Archive | January, 2013

Statistically it’s much better when it’s exactly the same

28 Jan

It’s very easy to get confused over prostate cancer screening – doctors do it all the time! Currently in Australia there are SEVEN distinct “official” recommendations regarding who should be screened for prostate cancer and how often.  It’s no wonder nobody actually knows what to do.

The big debate of course, is whether prostate cancer screening should be done at all.  Both sides of the debate present statistics, and they can be twisted to defend any position at all.

Here is a great example we came across.

FACT – Survival rates for prostate cancer in America are about 80%.   In England 43%.

FACT – the chance of dying of prostate cancer in America is virtually identical to the chance in England.

OK….how do we reconcile those two completely true, but apparently contradictory, facts?

Here’s how.

Americans love screening and they test lots of people for prostate cancer very often.

And they love treating prostate cancer, no matter how early they find it.

So in America – 136 out of 100,000 men are found each year to have prostate cancer. You can bet nearly all get some sort of treatment.

In England, where many fewer men are screened, only 49 out of 100,000 men are diagnosed.

Now, if all prostate cancers mattered, you would think that the diagnosis in lots of men in England is being missed, that their treatment is being delayed and that they will die as a result.
But the rate of death from prostate cancer in England is 28 per 100,000 men per year.  In America, its trivially better at 26 per 100,000.

In other words, your chance of being TOLD you have prostate cancer in America is more than double in England (136 vs 49).  But your chance of DYING of prostate cancer is basically the same (26 vs 28).

Since more men are diagnosed and treated in America, it looks like regular screening, early diagnosis and aggressive treament is more effective, even when the end-results are the same.

The conclusion?  Research statistics are very dangerous creatures and need to be handled with care.  Talk to your GP about YOUR personal risk.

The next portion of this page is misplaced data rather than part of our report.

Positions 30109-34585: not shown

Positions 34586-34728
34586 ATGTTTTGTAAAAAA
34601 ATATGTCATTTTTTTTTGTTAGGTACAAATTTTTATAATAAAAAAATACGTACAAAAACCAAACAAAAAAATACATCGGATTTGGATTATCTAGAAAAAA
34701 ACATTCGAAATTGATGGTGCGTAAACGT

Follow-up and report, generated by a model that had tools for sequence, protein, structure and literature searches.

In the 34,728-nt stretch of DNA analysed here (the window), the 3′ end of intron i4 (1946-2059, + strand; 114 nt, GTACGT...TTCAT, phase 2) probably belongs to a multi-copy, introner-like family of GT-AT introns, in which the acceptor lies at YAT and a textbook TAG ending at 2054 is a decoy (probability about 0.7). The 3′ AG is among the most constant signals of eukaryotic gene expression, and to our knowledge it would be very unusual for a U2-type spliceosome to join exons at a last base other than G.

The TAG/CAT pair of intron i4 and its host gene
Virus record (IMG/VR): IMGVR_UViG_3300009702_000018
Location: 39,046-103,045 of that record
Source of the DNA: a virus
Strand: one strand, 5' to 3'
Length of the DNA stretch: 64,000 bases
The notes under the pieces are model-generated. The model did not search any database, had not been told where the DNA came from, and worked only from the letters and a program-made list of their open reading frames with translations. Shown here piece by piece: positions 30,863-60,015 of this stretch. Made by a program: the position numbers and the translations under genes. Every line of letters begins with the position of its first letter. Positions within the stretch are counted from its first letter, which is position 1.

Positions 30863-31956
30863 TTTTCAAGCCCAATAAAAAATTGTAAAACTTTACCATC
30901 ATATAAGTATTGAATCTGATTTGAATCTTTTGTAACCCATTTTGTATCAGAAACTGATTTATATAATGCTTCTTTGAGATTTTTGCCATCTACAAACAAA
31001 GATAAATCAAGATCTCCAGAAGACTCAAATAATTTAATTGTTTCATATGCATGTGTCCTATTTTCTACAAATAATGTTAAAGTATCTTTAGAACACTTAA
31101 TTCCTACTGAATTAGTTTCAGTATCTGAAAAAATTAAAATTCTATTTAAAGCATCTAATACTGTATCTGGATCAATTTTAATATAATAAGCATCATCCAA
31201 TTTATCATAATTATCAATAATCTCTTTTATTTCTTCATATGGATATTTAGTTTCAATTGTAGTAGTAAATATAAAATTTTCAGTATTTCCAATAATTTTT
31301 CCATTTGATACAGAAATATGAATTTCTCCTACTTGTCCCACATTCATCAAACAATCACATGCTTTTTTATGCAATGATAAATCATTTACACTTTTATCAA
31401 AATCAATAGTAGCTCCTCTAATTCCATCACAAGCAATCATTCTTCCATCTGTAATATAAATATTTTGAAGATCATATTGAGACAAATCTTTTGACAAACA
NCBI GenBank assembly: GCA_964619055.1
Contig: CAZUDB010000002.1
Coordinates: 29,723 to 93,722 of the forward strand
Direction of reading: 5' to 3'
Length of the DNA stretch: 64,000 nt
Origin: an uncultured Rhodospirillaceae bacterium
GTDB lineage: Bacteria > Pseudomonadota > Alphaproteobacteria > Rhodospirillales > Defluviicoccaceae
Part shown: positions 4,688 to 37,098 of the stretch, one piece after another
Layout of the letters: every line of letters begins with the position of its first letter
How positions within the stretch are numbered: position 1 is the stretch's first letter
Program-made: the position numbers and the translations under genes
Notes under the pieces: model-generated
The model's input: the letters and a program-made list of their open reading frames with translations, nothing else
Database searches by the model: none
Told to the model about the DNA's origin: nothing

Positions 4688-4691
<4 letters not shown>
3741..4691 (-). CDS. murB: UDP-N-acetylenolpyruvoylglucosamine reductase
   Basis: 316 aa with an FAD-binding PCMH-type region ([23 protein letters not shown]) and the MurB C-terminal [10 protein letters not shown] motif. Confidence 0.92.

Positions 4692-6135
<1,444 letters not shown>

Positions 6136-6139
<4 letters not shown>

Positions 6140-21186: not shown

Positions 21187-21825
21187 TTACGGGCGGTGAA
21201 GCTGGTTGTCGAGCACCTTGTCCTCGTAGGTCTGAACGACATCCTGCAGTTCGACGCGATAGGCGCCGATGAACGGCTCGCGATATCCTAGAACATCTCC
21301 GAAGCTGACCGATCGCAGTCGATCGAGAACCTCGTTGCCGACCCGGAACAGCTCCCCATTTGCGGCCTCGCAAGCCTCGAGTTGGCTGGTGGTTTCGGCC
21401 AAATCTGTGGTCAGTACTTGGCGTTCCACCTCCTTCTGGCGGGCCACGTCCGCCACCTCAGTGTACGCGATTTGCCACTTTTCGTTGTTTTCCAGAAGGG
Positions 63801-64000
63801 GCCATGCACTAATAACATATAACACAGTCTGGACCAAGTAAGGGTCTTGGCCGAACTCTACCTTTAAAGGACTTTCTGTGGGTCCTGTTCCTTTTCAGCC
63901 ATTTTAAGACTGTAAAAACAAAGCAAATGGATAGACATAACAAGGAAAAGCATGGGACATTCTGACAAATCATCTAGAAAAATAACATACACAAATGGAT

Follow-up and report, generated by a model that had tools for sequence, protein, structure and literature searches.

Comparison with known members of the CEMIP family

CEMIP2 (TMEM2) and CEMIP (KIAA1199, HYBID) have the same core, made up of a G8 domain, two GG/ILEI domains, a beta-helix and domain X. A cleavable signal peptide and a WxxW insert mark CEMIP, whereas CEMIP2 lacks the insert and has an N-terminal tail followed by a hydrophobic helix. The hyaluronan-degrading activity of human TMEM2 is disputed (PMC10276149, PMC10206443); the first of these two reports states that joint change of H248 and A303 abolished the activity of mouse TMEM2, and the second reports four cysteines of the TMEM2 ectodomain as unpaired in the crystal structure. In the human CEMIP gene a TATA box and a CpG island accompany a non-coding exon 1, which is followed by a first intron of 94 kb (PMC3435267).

We’d like you to like us

25 Jan

Along with this blog, we’ve also launched a Twitter feed. You can now get a health message update from the practice most days by following us on Twitter. Our name is @wellonwell

Most of our tweets (and blog entries) will be about health issues in the news.  Occasionally we will let you know about coming, goings and gossip at the practice… this one. We are delighted to announce that Dr Tim Tai, our very popular registrar from 2011, will be returning to the practice as a GP from February 12th.   Appointments can be made by calling the surgery on 9780 8900.



It’s gotta be done

22 Jan

A new study – done in Victoria, so the findings are really relevant to our patients – shows one-third of patients who are first-degree relatives of someone with bowel cancer have never had a colonoscopy.

Now having a colonoscopy may not be the most fun reason to take a day off work, but finding bowel cancer early – and having a parent or sibling with the disease puts you at significantly increased risk – is genuinely life saving.  The new edition of the practice newsletter (about to go to the printer, but will soon be available at the surgery or at talks about why Faecal Occult Blood Testing (pooh test) is worthwhile for all adults over fifty. But with a family-history of bowel cancer – colonoscopy is the only way to go.